3 Best Scenic Walks

Sometimes, the simplest days out are the best. When the weather’s clear, one of the nicest ways to spend a day here is to pull on your boots, fasten your backpack, and head off in search of some of St Ives’ scenic spots. Here are three walks around St Ives that take in some glorious coastal views.

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Knill's Monument is set in the Steeple Woodland Nature Reserve overlooking St Ives Bay – Nick Pumphrey

Knill’s Monument

If you like your scenic locations to have a quirky history, Knill’s Monument above St Ives is an excellent place to start. The Monument is a 50ft tall granite obelisk high up on Worvas Hill in Steeple Woods. The imposing monument was commissioned in 1782 by eccentric local mayor John Knill, who intended it to become his mausoleum. The last work of Royal Crescent architect John Wood, the monument proudly displays Knill’s coat of arms (vividly coloured since its recent restoration) and his cheery motto, Nil Desperandum.

Unfortunately, John Knill died and was buried in London, so never got to make full use of his spectacular mausoleum. However, he did leave a lasting legacy as well as the monument: he established a quinquennial ceremony involving ten young dancing girls from St Ives, two black-clad widows, and a fiddler to play the Furry Dance. This rather unusual custom continues to this day.

The views from the top of Worvas Hill are breathtaking. To get there, strike out eastwards to Carbis Bay. Look out for the Cornish Arms, which is about a mile from St Ives town centre. Take the road next to the pub, Steeple Lane, and carry on along this for half a mile. It’s a short walk in total, but quite a steep one in places. Pack refreshments for the summit!

The coast path to Zennor

This is a walk for the stout-hearted and stout-booted only. One of the most spectacular stretches of the South West Coast Path, if you only get chance to walk a few miles of the 630-mile path, pick this section. Take the coast path from Porthmeor Beach in St Ives, and strike out towards Zennor. It’s a rugged walk, and you’ll need to watch your step as well as the view – so take time to pause and admire the walk’s many scenic spots.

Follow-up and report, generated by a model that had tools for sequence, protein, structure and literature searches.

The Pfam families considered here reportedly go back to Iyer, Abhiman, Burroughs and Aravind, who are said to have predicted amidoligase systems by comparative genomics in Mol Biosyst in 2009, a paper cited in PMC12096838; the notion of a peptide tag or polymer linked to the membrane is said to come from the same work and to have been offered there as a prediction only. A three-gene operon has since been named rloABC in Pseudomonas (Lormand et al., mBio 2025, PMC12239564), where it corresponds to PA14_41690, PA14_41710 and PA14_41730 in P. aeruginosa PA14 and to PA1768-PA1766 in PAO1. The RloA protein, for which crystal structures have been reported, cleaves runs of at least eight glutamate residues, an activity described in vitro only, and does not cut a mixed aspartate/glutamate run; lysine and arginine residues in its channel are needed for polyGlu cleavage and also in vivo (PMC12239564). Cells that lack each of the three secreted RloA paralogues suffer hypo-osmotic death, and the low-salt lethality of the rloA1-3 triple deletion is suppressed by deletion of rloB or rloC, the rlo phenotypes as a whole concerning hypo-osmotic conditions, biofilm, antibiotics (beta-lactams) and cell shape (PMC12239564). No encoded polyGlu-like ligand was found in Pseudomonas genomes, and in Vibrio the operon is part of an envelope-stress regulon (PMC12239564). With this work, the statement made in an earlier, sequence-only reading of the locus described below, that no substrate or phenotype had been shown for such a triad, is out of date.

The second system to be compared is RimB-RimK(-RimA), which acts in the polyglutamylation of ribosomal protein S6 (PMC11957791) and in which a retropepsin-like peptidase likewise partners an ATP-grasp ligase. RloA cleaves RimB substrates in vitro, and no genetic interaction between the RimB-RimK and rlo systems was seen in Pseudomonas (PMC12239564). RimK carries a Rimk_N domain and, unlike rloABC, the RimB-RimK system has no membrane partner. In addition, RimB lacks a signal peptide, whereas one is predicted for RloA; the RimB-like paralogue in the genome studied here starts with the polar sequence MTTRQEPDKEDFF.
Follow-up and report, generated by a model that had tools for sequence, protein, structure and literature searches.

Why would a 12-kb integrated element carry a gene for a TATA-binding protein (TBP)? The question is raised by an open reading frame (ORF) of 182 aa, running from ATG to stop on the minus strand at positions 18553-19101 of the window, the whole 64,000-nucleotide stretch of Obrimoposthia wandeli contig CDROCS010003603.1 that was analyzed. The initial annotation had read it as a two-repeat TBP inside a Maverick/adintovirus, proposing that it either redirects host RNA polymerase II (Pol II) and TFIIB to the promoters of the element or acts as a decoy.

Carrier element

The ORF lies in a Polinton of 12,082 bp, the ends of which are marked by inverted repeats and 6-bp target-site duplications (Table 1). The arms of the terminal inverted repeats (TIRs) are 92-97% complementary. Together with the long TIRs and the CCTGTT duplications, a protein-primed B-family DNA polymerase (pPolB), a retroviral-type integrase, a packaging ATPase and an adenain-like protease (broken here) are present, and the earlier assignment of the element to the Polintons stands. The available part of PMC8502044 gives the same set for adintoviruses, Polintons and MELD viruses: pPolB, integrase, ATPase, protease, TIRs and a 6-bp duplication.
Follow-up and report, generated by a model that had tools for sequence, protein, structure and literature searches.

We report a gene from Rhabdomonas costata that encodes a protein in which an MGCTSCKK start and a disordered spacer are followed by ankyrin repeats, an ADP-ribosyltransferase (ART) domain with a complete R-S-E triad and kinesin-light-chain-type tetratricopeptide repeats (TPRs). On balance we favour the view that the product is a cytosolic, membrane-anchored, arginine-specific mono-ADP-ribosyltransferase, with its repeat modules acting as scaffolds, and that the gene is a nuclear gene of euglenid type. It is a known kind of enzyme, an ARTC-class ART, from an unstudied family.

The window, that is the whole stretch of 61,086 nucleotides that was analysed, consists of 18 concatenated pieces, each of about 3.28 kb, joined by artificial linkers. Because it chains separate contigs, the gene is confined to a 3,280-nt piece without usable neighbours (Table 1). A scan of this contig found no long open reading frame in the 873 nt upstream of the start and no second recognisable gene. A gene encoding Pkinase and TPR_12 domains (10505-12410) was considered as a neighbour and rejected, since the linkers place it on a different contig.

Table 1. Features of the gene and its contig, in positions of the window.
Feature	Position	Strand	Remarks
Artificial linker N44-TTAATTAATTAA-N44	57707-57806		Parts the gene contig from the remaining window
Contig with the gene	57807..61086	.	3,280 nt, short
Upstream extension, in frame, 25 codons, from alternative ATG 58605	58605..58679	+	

Highlights include the Man Rock at the start of the walk in St Ives – you’ll know which one we mean when you see it! Look out for the ruins of the Klavji (literally “sick-house”) the old leper hospital, whose name has gradually become “Clodgy Point”. You’ll also see Seal Island, and stop to admire the ocean at the Trig point. Head inland toward Zennor – and the welcome sight of the Tinners Arms.

After some reviving refreshment, head back the way you came, or follow the inland path back to St Ives. This is known as the “Coffin Path”, the route of many local villagers’ final journeys to St Senara’s church (the road wasn’t built until the early 1800s). Alternatively, there’s a bus service into St Ives.

To find out more about this stretch of coast path, see the South West Coast Path’s guide.

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St Michael's Way shows the connections Cornwall had with Europe and beyond – Nick Pumphrey

St Michael’s Way

St Michael’s Way is a 12-mile path running from Lelant near St Ives to Marazion, home of St Michael’s Mount. It was established in 1994, based on research into possible old overland routes taken by pilgrims and traders to avoid the dangerous seas around Land’s End. The Way goes around Trencrom Hill, a Neolithic hill fort: divert up the hill for amazing views over both Penwithian coasts and across towards Trevose Head and St Austell.

You can pick up the walk at Carbis Bay, and head off either to Penzance or Marazion. You can catch buses from both these places back to Carbis Bay and St Ives (the 17B service has open-top buses during the summer), or work out something clever involving friends and cars… Alternatively, park in the small car park at Trencrom and walk a shorter section of the Way; or get the branch line train to Lelant, and follow the Way back to Carbis Bay.

Happy stanking!*

*Cornish for walk

Article info & credits

November 7, 2016
Written by Kate Waddon
Photography by Alex May & Nick Pumphrey

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